areas, such as competitive intelligence and KM, and advanced search tips.
Keynotes Bring Groups Together
Reflecting the convergence of interests among information professionals
and knowledge managers, InfoToday 2001 began each morning with a keynote
address that was featured in all three of the component conferences and
was open to all attendees. Each keynote address was broad enough in scope
to touch on everyone's interests.
The opening-day address was given by Robert Kahn, president of the Corporation
for National Research Initiatives (CNRI), and best known for being co-inventor
of the TCP/IP protocols. In his remarks on "Managing Digital Objects on
the Net," he called for a concerted effort to manage the information we
have. While the Internet was created as a communications medium, it has
become more of a global information system. Some of the current issues
we face include the control of information in a networked environment,
regulating its use, and certifying that information has not been altered
in some way.
In his recent work, Kahn has been developing the concept of a digital
object infrastructure. His work is now being applied in a number of digital
library projects and applications like the electronic copyright registration
system. He noted that the technology components for managing digital objects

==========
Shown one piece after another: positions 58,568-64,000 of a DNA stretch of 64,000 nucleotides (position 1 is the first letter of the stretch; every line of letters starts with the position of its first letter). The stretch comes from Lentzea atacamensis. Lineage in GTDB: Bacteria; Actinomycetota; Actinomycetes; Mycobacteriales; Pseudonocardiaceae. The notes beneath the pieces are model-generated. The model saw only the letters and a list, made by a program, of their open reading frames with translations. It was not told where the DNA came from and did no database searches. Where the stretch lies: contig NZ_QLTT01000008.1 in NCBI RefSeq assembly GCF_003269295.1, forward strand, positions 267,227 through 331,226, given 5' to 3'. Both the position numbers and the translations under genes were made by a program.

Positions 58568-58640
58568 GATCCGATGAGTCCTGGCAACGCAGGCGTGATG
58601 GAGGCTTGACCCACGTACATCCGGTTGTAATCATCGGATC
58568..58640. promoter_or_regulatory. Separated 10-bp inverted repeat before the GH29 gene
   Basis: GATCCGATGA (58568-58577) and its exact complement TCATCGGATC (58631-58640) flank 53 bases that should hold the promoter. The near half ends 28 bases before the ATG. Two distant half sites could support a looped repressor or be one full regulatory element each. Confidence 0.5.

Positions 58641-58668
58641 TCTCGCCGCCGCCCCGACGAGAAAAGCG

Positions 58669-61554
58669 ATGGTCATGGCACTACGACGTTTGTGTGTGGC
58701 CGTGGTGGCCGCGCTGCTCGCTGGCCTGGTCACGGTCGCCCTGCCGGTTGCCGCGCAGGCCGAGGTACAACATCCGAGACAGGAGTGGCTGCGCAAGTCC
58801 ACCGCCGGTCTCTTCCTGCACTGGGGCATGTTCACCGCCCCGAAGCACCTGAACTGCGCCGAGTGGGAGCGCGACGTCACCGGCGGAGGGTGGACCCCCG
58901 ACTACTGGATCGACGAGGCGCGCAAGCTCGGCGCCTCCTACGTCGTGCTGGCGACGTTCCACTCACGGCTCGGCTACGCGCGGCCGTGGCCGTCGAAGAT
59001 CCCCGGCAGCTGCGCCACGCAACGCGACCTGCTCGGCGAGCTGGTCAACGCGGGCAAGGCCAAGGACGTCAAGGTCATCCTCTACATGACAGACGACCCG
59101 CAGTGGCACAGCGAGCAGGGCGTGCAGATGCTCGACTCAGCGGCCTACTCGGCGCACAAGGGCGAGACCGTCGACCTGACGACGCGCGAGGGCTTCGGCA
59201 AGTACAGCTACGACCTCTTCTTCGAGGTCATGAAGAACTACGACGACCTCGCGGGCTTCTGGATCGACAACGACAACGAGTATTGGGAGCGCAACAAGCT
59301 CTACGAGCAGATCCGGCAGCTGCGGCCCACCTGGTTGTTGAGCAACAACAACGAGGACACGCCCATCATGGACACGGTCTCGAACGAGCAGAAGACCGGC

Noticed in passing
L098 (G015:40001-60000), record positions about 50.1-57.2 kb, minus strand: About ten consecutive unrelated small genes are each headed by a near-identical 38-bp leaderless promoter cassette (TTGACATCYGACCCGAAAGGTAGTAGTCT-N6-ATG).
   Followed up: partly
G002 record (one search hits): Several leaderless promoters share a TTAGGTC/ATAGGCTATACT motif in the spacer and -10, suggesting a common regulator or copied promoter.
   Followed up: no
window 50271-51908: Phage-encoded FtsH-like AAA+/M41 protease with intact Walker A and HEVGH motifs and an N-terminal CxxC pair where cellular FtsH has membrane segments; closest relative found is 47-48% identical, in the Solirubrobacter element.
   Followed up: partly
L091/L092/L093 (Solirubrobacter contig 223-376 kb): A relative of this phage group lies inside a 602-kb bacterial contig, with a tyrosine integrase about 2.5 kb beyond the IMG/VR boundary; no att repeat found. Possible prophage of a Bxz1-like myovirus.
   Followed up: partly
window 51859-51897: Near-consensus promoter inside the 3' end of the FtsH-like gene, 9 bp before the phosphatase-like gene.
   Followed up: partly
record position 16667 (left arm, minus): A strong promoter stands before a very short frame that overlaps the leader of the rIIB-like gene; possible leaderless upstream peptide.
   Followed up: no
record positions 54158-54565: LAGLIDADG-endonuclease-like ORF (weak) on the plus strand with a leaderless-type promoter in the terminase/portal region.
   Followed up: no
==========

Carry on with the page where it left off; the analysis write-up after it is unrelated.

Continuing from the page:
are available but that more robust versions need to be developed to enablecommercialization.
Some of the presentation was more technical than a keynote normally is,
but his message was an important one for the information industry.
The keynote speakers on the second and third days provided interesting
insights into knowledge management in organizations. David Snowden, director
of IBM's Institute for Knowledge Management, offered an entertaining look
at how complexity theory can be tapped to foster innovation and improve
the flow of knowledge within organizations. In a complex system like an
organization or corporation, many elements interact in a constantly changing
and fluid way, and thus must be managed differently from a system in which
all relationships are known and defined. Informal associations and serendipity
can help new patterns to emerge. He gave some fascinating examples of how
introducing games with metaphors can allow people and organizations to
see their own problems in new ways.
Tom Davenport, director for strategic change at Accenture, focused his
keynote remarks on the most valuable—and scarcest—resource for workers